• The proxy is defined as OUT_ONLY, because it does not expect a response from the endpoint.
  • The endpoint specifies where the messages will be published. The URI prefix is rabbbitmq so that the RabbitMQ AMQP transport will be used to publish the message. Be sure to specify the rest of the parameters in the URI as shown in the sample proxy service above. If you do not know which RabbitMQ exchange to use, leave the value blank to use the default exchange.
  • The rabbitmq.queue.name parameter specifies the queue on which the proxy service listens and consumes messages. If you do not specify a name for this parameter, the name of the proxy service will be used as the queue name.
  • The rabbitmq.exchange.name parameter specifies the RabbitMQ exchange to which the queue is bound. If you do not want to use a specific exchange, leave this value blank to use the default exchange.
  • The rabbitmq.connection.factory parameter specifies the listener that listens on the queue and consumes messages. In this example, the connection factory is set to the name of the listener we created earlier (ie., AMQPConnectionFactory ).

You can modify the sample proxy service above to handle scenarios where you only want to receive AMQP messages but need to send messages in a different format, or you want to receive messages in a different format and send only AMQP messages. You can also modify the proxy service to work with a different transport. For example, you can create a proxy that uses the RabbitMQ AMQP transport to listen to messages and then sends them over HTTP or JMS.

Rolling failed messages back

In this exmaple, messages are read from an inbound (RabbitMQ) message queue via an Inbound Endpoint. If a failure occurs, the transaction will roll back. This avoids the loss of the message.

Tip

If you are using a RabbitMQ Inbound Endpoint for receiving messages, set the scope of the SET_ROLLBACK_ONLY property to default as follows:

&lt;property name="SET_ROLLBACK_ONLY" scope="default" type="STRING" value="true"/&gt;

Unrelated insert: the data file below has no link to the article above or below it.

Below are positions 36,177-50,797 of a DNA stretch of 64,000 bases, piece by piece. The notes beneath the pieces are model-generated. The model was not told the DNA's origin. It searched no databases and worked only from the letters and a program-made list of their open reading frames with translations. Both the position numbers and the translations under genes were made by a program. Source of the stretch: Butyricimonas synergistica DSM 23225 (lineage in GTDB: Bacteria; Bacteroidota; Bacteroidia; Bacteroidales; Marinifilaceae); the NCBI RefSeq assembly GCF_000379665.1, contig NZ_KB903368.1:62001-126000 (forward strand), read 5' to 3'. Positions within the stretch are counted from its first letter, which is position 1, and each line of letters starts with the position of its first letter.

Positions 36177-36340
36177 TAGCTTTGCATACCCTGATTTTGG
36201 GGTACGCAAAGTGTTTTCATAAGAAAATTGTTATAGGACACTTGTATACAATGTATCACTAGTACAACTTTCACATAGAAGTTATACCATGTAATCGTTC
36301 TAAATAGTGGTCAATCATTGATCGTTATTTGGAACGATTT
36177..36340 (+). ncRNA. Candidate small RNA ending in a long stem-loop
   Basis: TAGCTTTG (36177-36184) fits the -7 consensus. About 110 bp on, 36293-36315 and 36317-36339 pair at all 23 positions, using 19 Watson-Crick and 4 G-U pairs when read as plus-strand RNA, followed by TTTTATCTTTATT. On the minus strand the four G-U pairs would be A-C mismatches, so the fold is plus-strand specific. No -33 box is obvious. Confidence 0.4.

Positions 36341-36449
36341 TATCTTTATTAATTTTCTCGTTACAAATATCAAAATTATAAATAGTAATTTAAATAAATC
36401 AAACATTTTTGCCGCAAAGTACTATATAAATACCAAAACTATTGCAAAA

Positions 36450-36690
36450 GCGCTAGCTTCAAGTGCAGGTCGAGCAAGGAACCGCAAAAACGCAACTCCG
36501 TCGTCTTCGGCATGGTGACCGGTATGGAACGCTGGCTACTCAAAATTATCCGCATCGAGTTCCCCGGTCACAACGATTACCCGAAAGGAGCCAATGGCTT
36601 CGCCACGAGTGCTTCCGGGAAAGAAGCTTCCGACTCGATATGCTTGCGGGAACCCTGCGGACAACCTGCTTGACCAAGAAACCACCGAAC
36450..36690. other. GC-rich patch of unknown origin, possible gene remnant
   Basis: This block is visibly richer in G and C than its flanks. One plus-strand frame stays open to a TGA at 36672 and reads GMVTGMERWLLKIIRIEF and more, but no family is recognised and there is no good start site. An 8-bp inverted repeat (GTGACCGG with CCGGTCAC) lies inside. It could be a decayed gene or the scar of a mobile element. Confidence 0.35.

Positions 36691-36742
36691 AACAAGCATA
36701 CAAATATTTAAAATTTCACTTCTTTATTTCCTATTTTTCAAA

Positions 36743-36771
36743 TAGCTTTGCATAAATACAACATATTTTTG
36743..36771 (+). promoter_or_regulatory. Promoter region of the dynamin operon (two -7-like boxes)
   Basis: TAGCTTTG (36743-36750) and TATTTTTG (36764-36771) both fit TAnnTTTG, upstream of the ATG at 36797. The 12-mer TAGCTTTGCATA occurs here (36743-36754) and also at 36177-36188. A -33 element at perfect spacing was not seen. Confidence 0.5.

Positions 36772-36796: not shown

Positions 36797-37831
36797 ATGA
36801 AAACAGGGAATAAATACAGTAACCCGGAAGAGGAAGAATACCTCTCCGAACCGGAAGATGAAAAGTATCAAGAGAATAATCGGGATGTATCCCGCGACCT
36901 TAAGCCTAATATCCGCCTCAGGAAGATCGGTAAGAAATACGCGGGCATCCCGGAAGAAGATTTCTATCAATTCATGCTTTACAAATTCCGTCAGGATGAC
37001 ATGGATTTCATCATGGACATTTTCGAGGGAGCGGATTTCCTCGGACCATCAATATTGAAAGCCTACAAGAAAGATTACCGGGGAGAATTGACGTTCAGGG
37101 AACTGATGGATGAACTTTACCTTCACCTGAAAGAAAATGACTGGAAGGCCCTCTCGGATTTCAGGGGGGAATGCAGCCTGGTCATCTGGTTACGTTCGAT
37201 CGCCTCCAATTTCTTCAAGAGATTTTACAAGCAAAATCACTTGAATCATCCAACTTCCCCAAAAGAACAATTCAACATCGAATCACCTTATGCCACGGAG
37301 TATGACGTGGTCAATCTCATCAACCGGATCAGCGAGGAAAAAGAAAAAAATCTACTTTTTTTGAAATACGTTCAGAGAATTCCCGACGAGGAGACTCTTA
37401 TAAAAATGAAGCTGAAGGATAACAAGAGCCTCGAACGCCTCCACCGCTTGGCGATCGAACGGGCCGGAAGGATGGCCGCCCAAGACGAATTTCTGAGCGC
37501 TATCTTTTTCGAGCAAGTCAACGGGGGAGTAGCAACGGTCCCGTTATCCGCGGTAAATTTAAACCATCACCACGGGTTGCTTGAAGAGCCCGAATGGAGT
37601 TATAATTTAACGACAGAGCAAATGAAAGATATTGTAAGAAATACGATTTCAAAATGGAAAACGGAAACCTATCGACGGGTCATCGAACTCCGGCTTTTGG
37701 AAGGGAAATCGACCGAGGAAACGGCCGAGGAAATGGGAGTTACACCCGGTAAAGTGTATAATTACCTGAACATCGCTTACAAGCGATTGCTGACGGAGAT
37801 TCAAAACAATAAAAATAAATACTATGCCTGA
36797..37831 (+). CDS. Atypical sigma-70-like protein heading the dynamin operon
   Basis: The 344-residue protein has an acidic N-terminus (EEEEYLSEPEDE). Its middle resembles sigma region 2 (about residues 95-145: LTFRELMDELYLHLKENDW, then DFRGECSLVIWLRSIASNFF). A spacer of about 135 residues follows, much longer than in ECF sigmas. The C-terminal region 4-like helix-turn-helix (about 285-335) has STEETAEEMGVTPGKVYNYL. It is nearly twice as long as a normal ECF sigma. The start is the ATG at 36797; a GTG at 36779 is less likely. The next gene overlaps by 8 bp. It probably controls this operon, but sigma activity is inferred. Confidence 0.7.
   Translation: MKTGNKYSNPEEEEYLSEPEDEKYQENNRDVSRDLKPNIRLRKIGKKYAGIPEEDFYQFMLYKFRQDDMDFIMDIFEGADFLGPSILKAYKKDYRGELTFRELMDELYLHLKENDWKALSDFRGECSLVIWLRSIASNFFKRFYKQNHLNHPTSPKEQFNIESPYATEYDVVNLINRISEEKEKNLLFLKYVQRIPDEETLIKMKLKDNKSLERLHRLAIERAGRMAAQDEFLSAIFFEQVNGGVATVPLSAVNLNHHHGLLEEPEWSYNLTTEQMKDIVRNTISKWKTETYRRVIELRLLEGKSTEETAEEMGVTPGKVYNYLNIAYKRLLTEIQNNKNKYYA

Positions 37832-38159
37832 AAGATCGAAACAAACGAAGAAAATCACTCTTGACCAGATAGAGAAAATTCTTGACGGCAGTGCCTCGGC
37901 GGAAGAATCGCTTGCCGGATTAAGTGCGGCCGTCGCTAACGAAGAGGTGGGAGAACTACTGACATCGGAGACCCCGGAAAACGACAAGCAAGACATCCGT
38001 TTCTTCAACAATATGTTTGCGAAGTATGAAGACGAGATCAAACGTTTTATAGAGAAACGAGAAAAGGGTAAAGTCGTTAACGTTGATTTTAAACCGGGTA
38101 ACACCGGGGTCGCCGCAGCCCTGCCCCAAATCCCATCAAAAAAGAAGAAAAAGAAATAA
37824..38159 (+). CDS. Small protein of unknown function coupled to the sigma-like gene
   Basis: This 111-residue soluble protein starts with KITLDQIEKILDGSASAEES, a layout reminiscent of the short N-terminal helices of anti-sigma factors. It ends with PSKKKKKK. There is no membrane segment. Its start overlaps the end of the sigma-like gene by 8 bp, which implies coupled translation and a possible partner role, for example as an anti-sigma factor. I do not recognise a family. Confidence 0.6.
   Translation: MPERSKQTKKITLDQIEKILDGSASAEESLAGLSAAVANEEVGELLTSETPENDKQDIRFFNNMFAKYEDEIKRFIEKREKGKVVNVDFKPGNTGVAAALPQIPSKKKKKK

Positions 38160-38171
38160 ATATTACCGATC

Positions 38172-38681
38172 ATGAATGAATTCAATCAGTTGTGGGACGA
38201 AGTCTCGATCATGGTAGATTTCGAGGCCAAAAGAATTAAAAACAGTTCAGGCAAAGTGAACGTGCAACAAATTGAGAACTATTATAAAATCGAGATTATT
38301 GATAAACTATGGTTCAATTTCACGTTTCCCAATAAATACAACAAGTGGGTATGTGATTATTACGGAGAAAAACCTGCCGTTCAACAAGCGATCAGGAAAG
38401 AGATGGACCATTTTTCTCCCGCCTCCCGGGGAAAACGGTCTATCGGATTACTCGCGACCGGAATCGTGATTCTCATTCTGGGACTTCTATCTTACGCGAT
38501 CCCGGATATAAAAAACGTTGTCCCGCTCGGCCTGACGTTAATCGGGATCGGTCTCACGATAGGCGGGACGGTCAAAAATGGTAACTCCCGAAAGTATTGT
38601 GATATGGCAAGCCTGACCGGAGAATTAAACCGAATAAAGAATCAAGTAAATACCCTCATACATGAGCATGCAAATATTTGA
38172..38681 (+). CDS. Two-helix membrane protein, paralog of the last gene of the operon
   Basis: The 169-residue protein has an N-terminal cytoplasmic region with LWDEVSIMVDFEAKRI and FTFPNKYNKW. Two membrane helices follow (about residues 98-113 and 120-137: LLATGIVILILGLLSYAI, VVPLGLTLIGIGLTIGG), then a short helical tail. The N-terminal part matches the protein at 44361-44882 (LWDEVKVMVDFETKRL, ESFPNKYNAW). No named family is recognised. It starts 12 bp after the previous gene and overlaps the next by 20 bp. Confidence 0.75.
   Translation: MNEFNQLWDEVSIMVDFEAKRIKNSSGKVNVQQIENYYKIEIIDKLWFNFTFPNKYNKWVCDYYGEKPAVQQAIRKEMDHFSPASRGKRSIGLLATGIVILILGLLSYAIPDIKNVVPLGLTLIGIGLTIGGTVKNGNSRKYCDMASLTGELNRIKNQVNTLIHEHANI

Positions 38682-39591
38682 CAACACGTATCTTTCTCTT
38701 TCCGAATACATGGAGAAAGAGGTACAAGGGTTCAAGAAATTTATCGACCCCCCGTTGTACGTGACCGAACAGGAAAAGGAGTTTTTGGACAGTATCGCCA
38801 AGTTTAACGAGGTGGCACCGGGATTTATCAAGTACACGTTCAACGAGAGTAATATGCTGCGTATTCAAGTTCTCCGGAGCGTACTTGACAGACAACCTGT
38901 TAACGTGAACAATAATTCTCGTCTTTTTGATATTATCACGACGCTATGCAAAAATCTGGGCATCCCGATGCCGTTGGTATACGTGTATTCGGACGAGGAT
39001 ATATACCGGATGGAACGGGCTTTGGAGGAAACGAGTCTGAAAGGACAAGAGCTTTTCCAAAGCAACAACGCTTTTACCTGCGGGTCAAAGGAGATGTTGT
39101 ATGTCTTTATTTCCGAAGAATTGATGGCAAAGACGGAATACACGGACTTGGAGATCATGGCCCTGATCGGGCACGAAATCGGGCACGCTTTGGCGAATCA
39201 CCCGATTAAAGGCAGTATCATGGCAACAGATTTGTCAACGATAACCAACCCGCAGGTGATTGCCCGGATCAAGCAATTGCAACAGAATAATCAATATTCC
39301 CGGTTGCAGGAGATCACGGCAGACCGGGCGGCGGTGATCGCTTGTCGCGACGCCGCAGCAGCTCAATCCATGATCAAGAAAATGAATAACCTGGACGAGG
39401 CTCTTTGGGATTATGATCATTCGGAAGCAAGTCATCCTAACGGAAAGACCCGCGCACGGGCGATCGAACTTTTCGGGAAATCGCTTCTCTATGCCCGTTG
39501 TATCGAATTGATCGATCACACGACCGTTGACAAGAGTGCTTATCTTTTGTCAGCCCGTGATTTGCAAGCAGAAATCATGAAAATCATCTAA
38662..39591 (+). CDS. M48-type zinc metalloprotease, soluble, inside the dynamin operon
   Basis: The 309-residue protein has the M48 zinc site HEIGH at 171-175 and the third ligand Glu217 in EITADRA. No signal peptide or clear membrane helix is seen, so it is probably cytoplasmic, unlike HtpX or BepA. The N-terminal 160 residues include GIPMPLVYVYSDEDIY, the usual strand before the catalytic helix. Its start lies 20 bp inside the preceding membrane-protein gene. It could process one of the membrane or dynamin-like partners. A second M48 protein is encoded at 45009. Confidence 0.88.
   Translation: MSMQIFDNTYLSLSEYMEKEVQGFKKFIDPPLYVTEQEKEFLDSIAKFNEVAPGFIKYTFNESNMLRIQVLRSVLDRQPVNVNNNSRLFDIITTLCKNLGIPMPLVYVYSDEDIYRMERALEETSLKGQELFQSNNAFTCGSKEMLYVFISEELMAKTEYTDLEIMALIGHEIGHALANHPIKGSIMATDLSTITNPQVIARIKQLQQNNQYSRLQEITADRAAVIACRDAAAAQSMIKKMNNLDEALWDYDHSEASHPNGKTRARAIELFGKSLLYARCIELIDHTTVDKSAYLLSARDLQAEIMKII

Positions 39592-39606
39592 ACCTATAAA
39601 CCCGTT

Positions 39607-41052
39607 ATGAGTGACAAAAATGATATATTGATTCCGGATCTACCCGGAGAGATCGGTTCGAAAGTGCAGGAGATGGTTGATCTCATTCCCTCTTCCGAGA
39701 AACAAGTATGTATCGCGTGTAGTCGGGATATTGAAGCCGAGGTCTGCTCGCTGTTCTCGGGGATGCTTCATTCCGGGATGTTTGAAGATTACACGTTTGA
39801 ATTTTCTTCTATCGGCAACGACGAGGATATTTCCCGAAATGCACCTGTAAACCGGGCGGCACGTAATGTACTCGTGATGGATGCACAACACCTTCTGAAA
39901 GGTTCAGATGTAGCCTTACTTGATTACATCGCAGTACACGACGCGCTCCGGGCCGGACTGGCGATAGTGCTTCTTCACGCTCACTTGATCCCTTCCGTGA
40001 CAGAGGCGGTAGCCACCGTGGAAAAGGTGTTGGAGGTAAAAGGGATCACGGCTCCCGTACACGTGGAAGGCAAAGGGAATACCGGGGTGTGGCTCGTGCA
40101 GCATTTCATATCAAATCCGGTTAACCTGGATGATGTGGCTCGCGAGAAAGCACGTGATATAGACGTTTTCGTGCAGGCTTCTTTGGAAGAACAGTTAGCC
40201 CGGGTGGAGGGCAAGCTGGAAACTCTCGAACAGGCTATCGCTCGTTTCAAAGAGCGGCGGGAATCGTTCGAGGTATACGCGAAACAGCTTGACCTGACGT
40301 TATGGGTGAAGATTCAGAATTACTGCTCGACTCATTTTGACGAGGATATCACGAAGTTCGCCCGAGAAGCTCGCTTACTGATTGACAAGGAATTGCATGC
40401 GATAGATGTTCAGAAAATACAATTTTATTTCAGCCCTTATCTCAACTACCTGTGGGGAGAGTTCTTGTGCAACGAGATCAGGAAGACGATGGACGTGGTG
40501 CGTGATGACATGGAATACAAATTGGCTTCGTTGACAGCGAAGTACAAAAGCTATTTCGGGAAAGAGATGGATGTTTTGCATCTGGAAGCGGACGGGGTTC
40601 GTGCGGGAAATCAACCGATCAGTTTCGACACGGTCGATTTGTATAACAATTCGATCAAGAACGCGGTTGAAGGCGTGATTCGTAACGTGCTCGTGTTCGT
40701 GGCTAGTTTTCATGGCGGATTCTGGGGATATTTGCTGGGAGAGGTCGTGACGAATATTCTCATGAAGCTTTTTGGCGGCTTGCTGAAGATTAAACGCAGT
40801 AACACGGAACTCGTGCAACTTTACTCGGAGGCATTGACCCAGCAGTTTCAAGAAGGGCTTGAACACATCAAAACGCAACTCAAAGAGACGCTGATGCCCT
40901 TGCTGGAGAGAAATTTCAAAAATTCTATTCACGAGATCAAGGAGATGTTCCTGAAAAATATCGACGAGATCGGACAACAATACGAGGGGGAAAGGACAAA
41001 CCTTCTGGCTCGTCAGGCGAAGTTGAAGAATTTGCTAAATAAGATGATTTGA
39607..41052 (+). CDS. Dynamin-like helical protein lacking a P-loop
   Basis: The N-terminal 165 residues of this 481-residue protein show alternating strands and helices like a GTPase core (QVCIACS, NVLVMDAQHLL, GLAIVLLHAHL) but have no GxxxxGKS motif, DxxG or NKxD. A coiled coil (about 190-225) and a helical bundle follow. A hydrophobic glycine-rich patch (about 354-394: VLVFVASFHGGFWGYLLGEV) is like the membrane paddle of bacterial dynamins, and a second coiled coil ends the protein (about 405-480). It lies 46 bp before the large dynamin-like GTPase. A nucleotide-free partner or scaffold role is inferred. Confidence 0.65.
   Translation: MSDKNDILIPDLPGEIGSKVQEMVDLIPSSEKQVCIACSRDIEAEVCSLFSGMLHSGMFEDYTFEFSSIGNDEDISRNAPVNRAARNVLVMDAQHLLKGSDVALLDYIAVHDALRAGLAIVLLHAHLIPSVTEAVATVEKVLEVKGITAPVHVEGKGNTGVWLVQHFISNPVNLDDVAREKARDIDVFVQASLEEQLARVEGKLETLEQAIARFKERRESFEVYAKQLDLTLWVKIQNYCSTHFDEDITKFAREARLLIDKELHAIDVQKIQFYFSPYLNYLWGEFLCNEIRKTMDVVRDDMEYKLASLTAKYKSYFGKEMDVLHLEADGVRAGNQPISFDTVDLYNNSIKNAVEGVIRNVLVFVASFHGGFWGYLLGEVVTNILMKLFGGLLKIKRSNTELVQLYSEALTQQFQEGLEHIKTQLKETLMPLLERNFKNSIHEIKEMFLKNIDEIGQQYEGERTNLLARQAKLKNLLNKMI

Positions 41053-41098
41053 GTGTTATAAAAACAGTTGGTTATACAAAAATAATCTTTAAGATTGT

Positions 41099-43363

As shown in the below example, you need to set the SET_ROLLBACK_ONLY property to true in the fault handler (e.g., the fault sequence), to roll the message back when a failure occurs.

Synapse configuration

Given below are the synapse artifact configuration for this use case. Note that the fault sequence contains the SET_ROLLBACK_ONLY property set to true.

<?xml version="1.0" encoding="UTF-8"?><inboundEndpoint xmlns="http://ws.apache.org/ns/synapse" name="rabbit-mq-dec41-inbound-endpoint" sequence="rabbit-mq-dec41-inbound-sequence" onError="rabbitmq_fault" protocol="rabbitmq" suspend="false">
    <parameters>
        <parameter name="sequential">true</parameter>
        <parameter name="coordination">true</parameter>
        <parameter name="rabbitmq.connection.factory">AMQPConnectionFactory</parameter>
        <parameter name="rabbitmq.server.host.name">localhost</parameter>
        <parameter name="rabbitmq.server.port">5672</parameter>
        <parameter name="rabbitmq.server.user.name">rabbit</parameter>
        <parameter name="rabbitmq.server.password">rabbit</parameter>
        <parameter name="rabbitmq.queue.name">RABBITMQ-INBOUND-QUEUE</parameter>
        <parameter name="rabbitmq.exchange.name">RABBITMQ-INBOUND-EXCHANGE</parameter>
        <parameter name="rabbitmq.queue.durable">true</parameter>
        <parameter name="rabbitmq.queue.exclusive">false</parameter>
        <parameter name="rabbitmq.queue.auto.delete">false</parameter>
        <parameter name="rabbitmq.queue.auto.ack">false</parameter>
        <parameter name="rabbitmq.exchange.durable">true</parameter>
        <parameter name="rabbitmq.exchange.auto.delete">false</parameter>
        <parameter name="rabbitmq.connection.ssl.enabled">false</parameter>
    </parameters>
</inboundEndpoint>
<?xml version="1.0" encoding="UTF-8"?><sequence xmlns="http://ws.apache.org/ns/synapse" name="rabbitmq_fault">
    <log level="full">
        <property name="MESSAGE" value="Executing default 'fault' sequence"/>
        <property xmlns:ns="http://org.apache.synapse/xsd" name="ERROR_CODE" expression="get-property('ERROR_CODE')"/>
        <property xmlns:ns="http://org.apache.synapse/xsd" name="ERROR_MESSAGE" expression="get-property('ERROR_MESSAGE')"/>
    </log>
        <property name="SET_ROLLBACK_ONLY" value="true" scope="default" type="STRING"/>
    <drop/>
</sequence>